Saturday, July 23, 2011

Post un-redacted.

I wonder if Amy Winehouse knew she was loved. Shooting star, indeed. Perhaps many of us proffies are not so different from her.

We shouldn't apologize for loving other people, or for saying so. Love is a good thing.

@TP: Perhaps you've saved more students than you realize.


  1. Terry's post made sense to me, by itself and in the context of the blog (I saw it when it was fairly recently up, with 2-3 supportive comments). I didn't really follow Winehouse, but had some sense of her story, which did, indeed, strike me as parallel to those of some of the most intriguing and maddening college students. For better or for worse, the students at my present institution tend toward the extremely practical and down-to-earth rather than the artistic, but, reading through the bios in my undergrad class's 25th reunion report recently, I was reminded of the fact that somewhere between 30% and 50% of the members of our class who have died did so during or just after college. Some of those deaths were due to cancer or accidents, but we also had our share of "shooting stars" who did brilliant things in between bouts of battling drug and alcohol abuse, depression, anorexia, etc. Fortunately, there are others who faced similar battles who have, through some combination of hard work and good fortune, managed to evolve healthier approaches to life over the past few decades, while maintaining their creativity and unique perspective. How much anyone other than the student him/herself can shape an individual student's story in one direction or the other I don't know, but of course I want whatever small contribution I make to the process to be in the direction of nudging a student back toward a viable path, rather than helping him/her continue running full-tilt toward a cliff. Whether I can always tell the difference, I also don't know.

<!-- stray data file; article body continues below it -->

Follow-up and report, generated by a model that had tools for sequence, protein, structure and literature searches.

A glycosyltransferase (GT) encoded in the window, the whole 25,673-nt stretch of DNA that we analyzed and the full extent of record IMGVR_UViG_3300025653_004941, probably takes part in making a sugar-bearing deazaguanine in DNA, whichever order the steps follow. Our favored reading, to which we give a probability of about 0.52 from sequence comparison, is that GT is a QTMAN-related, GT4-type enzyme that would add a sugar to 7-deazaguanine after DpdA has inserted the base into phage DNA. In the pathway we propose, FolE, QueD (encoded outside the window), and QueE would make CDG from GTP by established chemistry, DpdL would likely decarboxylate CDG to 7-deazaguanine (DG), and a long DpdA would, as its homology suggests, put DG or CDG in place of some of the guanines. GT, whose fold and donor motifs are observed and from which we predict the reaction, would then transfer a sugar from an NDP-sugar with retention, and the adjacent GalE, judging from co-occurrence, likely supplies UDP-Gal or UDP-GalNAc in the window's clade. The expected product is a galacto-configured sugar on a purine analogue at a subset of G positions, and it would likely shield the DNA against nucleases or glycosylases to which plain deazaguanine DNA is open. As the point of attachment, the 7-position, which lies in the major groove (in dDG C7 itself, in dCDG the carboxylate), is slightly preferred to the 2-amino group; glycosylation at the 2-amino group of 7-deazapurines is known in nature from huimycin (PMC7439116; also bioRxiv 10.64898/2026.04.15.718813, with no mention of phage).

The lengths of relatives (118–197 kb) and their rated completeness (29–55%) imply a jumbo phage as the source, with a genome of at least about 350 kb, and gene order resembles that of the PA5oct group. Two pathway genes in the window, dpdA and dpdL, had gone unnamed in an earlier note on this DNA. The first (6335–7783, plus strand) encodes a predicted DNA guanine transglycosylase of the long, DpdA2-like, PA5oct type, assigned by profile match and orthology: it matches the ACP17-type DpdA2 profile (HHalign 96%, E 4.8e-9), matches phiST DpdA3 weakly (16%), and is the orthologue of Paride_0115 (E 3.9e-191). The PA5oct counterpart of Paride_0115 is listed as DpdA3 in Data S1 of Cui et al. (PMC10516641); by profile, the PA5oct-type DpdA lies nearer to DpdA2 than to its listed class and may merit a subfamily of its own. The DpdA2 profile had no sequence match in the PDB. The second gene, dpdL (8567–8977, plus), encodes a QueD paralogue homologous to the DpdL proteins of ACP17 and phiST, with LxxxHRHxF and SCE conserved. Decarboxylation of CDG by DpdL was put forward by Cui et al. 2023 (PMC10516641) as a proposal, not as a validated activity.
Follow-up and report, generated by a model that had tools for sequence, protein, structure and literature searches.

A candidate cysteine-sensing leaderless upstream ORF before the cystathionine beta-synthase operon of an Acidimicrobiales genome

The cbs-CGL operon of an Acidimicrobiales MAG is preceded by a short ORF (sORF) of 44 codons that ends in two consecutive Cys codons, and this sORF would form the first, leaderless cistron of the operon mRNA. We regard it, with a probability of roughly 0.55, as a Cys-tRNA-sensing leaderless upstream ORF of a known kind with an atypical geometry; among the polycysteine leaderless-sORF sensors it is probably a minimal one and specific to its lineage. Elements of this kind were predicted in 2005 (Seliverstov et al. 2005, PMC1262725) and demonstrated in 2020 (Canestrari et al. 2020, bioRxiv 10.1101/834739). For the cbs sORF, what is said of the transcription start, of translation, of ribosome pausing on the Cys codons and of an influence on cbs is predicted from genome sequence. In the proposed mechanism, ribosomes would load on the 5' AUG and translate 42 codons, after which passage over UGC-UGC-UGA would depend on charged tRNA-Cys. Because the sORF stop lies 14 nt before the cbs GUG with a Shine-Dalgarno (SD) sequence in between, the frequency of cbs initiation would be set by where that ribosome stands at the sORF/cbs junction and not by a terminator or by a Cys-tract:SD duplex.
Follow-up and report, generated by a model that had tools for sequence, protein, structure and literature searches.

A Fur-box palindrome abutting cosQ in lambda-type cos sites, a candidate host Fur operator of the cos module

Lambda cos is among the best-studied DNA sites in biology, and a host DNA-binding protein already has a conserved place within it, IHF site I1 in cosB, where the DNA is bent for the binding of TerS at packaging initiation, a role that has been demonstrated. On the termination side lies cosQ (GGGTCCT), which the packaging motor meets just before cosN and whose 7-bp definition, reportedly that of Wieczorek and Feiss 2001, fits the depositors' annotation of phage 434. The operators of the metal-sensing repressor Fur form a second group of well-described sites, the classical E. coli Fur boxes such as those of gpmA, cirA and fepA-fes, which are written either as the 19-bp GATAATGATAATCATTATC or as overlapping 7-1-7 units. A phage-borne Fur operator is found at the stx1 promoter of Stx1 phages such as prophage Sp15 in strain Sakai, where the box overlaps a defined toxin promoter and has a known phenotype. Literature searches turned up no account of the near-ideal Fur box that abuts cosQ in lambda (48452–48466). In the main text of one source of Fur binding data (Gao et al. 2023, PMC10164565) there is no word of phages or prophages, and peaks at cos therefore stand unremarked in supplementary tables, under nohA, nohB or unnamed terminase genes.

2. I saw it too. It was nice. It reminded me of just how crappy the late 20s are. Some people talk about a "Saturn return" at that age, which sounds woo-woo to me, but for a lot of people there is a kind of cracking apart and final emergence (or not) into adulthood. There was for me-- a final battle with crushing depression.

    I could have done without the comment that the people of Norway were somehow more appropriate grieving choices because they weren't self-destructive.

  3. Not sure why Terry decided to take the original post down. It seemed fine to me. Anyway, it is certainly sad. Another member of the 27 Club, I guess, which may speak to F&T's comment above.

  4. There was a hateful comment from "anonymous" and rather than wait for Fab to spot it I just didn't want it to stay up at all.

  5. @Terry

    I apologize. My "hateful" message was actually spoofing what I thought was a ridiculous message from FML, who said he he/she had more sympathy for the poor kids in Norway who were victims of that shooter.

    I don't think Caylee is any more deserving of our tears - she's as deserving as ANYONE, I'd suggest. And Amy is deserving of your respect, love and sadness, and I'm sorry I was a part of mocking that.


  6. Terry, I too thought it was a perfectly appropriate post. I'm sorry you took it down.

    Better to burn out than fade away?

    No, I think not.


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